Better Views of the Beagle 2, Failing to Provide the Necessaries of Life, and Sending the Red Dragon to Mars | Vol. 3 / No. 27

Red Dragon | Photo: SpaceX, CC0 (Public Domain)

Most Definitely the Beagle

Before and after | Photo: Y. Tao and J. P. Muller via Wired
Before and after | Photo: Y. Tao and J. P. Muller via Wired

In December 2003, the Mars landing of the British spacecraft Beagle 2 did not go as planned. Instead of landing, unfolding its solar cells, and calling home, all the ESA heard back was silence. In early 2004 the craft was declared lost and assumed destroyed on impact, and it wasn’t until last year that it was found again by the camera of the Mars Reconnaissance Orbiter. The pictures were blurry, but it’s distinctive flower-petal shape seemed unmistakable: its solar panels had failed to fully deploy, and as a result it hadn’t been able to collect enough sunlight to function. Now a team of researchers has managed to sharpen up the blurry images, so that if you weren’t sure it was the Beagle 2 before, you should be now. The two researchers at the UCL Mullard Space Science Laboratory created a way of turning the usually 30cm-per-pixel images into 5cm-per-pixel images, by using images of the same locations from different points in the probe’s 300km-high orbit. With this technique, which they call Super Resolution Restoration, the details of the unlucky craft really come in to view. The new technique will help researchers to make the most of orbital cameras and give us the best images yet from high above Mars. Wired has more on the story.

The Necessaries of Life

Photo: verkeorg, CC BY-SA 2.0
Photo: verkeorg, CC BY-SA 2.0

Two parents in Alberta were convicted by a jury this week of “failing to provide the necessaries of life” regarding the death of their son Ezekiel in 2012. The 19-month-old died of bacterial meningitis after a two and a half week long illness the couple believed to be croup or the flu. According to the CBC, the couple “treated him for 2½ weeks with remedies that included hot peppers, garlic, onions and horseradish and a product from a naturopathic doctor aimed at boosting his immune system,” and only called for medical help when the child stopped breathing. It’s hard not to have sympathy for the parents, who in all honesty have probably suffered more from their child’s death than any sentence that could be handed down when that part of the trial takes place. But as the prosecutor said after the verdict was handed down, “what we hope that the public and the community takes away from this particular trial and the verdict in this trial is that all parents are held to a minimum standard of care that all children should expect at all times.” David Stephan, the father of the child, vented on Facebook after the verdict, writing that “the flood gates have now been opened and if we do not fall in line with parenting as seen fit by the government, we all stand in risk of criminal prosecution,” but it’s hard to see his point. If “parenting as seen fit by the government” includes “taking your sick child to the doctor instead of a snake-oil salesman ‘naturopath’,” then that’s a pretty damned low bar. The CBC has more on the story.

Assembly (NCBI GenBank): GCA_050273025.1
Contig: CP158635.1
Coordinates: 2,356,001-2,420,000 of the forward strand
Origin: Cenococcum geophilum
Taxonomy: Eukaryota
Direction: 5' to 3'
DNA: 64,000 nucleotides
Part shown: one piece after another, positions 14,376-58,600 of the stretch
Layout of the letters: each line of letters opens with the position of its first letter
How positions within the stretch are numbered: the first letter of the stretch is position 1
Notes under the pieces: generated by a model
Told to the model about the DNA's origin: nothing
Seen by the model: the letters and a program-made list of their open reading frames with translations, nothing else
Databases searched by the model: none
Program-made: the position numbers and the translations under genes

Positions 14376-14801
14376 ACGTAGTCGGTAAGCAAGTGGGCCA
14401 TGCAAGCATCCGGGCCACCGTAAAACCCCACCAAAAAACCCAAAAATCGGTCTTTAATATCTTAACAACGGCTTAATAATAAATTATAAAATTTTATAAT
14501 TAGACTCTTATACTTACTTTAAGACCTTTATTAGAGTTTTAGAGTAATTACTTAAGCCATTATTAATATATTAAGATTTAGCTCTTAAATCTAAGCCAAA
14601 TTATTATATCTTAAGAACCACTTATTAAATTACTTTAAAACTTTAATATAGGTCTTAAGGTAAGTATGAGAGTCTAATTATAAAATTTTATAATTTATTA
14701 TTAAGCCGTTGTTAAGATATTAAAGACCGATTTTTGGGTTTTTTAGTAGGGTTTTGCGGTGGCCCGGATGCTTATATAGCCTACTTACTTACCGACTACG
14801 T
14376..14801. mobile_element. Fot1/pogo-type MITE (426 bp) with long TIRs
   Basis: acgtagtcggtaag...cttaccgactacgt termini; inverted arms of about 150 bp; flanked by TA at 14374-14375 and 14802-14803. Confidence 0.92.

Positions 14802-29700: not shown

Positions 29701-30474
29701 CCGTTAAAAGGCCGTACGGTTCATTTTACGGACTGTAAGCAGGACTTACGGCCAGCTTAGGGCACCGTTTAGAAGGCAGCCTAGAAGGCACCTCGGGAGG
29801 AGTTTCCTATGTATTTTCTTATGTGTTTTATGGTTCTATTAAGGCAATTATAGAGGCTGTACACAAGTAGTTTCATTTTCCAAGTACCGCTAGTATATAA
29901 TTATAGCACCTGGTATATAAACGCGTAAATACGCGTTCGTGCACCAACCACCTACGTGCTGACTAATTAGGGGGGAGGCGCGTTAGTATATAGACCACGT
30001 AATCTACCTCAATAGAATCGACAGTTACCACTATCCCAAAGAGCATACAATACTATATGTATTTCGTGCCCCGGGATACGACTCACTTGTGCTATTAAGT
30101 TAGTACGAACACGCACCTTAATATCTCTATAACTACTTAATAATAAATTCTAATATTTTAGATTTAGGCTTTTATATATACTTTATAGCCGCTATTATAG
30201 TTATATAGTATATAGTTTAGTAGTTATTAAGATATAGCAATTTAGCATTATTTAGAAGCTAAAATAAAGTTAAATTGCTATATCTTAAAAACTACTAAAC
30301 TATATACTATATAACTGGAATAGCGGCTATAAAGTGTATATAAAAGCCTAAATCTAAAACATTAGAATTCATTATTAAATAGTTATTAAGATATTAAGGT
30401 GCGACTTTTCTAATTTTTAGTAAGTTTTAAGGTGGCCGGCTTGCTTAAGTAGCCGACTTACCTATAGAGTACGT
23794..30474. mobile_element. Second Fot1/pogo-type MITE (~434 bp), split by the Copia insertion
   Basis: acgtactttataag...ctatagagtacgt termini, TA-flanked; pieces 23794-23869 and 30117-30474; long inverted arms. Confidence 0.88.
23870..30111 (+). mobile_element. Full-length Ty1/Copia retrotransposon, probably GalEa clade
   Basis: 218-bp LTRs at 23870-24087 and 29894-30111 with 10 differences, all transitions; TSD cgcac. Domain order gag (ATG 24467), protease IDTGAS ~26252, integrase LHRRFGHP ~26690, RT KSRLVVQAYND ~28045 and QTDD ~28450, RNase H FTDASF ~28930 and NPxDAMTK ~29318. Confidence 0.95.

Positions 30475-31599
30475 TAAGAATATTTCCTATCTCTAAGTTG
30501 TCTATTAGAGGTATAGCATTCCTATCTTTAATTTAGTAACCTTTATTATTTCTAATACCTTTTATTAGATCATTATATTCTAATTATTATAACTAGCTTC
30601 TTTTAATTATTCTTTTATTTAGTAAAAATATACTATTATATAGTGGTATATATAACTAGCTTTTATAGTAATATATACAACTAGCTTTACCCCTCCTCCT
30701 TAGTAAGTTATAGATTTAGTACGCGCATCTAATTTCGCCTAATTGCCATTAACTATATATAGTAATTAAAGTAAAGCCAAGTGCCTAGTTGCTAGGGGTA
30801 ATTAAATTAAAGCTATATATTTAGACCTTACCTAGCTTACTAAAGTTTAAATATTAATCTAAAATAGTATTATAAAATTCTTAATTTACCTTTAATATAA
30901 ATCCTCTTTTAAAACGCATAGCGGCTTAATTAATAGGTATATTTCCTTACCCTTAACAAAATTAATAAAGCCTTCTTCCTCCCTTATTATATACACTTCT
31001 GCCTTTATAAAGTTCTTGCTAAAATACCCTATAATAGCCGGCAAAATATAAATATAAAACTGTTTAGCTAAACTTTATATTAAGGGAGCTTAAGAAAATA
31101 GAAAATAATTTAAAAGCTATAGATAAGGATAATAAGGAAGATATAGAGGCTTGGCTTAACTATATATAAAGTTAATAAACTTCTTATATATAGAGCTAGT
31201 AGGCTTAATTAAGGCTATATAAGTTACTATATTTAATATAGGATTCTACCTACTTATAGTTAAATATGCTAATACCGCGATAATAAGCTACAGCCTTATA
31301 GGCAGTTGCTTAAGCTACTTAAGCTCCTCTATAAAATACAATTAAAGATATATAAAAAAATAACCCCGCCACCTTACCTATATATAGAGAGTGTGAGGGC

Red Dragon

Dragon to Mars | Photo: SpaceX, CC0 (Public Domain)
Dragon to Mars | Photo: SpaceX, CC0 (Public Domain)

No rundown of this week’s most interesting news would be complete without mention of SpaceX’s announcement that it plans to land an unmanned Dragon capsule on the surface of Mars “as early as 2018.” The news came in the form of a tweet from the official SpaceX twitter feed: “Planning to send Dragon to Mars as soon as 2018. Red Dragons will inform overall Mars architecture, details to come.” Elon Musk tweeted shortly afterward that of course he wouldn’t recommend sending humans to Mars in a Dragon capsule, since it “wouldn’t be fun for longer journeys” than just cislunar space, because the “internal volume [is] ~size of [an] SUV.” The key technology they’ll be testing by sending a Dragon capsule to Mars, in a mission deemed “Red Dragon,” is the propulsive landing technology. Because the Martian atmosphere is so thin, parachutes and ablatives are a whole lot less effective at slowing down things moving fast enough to get there. This puts an upper limit on the mass of things we can send there right now. NASA has been working on an inflatable, deployable “flying saucer”-shaped device to increase drag in the thin atmosphere (HIAD) and a less-successful (so far) parachute that’s deployable at supersonic speeds. But having rockets to slow you down and land with — something SpaceX is particularly good at — would go a long way toward making a manner Mars mission a real possibility. You can read a great, detailed piece on the topic over at the Verge for more.

In related news, SpaceX will launch again from Cape Canaveral May (NET) May 5, trying to stick the barge landing of the first stage for a second time. I’m always hopeful, but do bear in mind that this is still experimental, not routine.


This week, as usual, we got up to a lot here on the blog. Here’s a rundown in handy point form!

If you missed any of it, go check it out now!

Best of the Rest

And here it is, your weekly linkspam of interesting news:

That’s all for today. I’ll leave you lovely people with this: a gif of Bill Nye the Science Guy (CEO of the Planetary Society) doing a merry jig.


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